Mother’s Diet Before Pregnancy May Alter Baby’s DNA


New research suggests that what a woman eats BEFORE conception can permanently affect the genes of her future child and have a lifelong impact on the unborn baby’s health. 

Lead scientist Dr Branwen Hennig explains:

Our results have shown that maternal nutrition pre-conception and in early pregnancy is important and may have implications for health outcomes of the next generation.

These results are significant. They are proof in principle that a mother’s diet can have epigenetic effects – that is, chemical changes that affect when genes become active and how active they are. 

Experiments in mice already show that diet during pregnancy can have a life-long impact on the genes of offspring. Even the coat colour of the mouse’s offspring was found to be influenced by its mother’s diet. 

Researcher Andrew Prentice has previously linked pre-pregnancy diet to the chemistry of genes involved in obesity, cancer and the immune system. Some changes can be erased over time, others are life-long.

In other words, as Co-researcher Dr Rob Waterland explains, the research shows that a mother’s nutrition:

…can leave permanent marks on her child’s genome on all the cells of the body. 

Prentice adds:

Now research is pointing to the need for a cocktail of nutrients, which could come from the diet or from supplements.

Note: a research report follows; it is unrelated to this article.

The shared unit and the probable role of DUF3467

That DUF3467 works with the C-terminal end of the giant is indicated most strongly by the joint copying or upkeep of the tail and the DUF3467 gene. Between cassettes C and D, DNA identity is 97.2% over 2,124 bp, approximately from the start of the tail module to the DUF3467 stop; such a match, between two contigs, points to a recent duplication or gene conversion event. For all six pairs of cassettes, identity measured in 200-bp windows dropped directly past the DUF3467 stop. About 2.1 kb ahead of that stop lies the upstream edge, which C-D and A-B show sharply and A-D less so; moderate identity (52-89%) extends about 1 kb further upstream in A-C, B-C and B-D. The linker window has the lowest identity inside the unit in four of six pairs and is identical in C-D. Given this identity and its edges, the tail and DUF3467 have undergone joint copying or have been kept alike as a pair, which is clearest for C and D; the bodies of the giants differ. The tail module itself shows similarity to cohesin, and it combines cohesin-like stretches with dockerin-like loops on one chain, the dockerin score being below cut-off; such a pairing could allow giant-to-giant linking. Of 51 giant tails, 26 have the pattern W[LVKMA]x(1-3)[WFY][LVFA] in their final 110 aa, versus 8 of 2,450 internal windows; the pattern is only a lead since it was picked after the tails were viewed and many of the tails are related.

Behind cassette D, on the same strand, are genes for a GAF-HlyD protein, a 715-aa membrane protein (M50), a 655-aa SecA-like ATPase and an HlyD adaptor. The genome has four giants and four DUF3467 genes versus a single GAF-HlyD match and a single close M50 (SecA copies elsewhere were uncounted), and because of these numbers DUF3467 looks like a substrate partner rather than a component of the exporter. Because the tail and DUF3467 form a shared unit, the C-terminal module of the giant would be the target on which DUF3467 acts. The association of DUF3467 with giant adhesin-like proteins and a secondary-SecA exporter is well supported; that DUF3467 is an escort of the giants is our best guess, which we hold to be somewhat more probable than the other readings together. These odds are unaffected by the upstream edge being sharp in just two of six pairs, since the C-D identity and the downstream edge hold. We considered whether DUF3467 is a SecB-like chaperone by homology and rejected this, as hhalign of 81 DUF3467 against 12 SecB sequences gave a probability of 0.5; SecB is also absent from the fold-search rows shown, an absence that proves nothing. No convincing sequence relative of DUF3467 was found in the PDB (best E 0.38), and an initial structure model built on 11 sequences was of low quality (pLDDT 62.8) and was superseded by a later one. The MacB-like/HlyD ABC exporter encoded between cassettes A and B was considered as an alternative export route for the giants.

What is pretty thrilling is that we seem to have hit on something that has worldwide consequences for women trying to conceive.

While the researchers admit that it’s too early to give definitive advice – women are already advised to take folic acid in the run-up to pregnancy. Other good sources of the compounds needed to make chemical changes include, milk, leafy greens, vegetables and protein. Planning for pregnancy sometime in the future? The time to adopt a healthier lifestyle is absolutely now. 

1 Comment
  1. Dr. Maureen Muoneke MD says

    During pregnancy, increased levels of certain hormones made in the placenta (the organ that connects the baby by the umbilical cord to the uterus) help shift nutrients from the mother to the developing fetus. Other hormones are produced by the placenta to help prevent the mother from developing low blood sugar. They work by resisting the actions of insulin.

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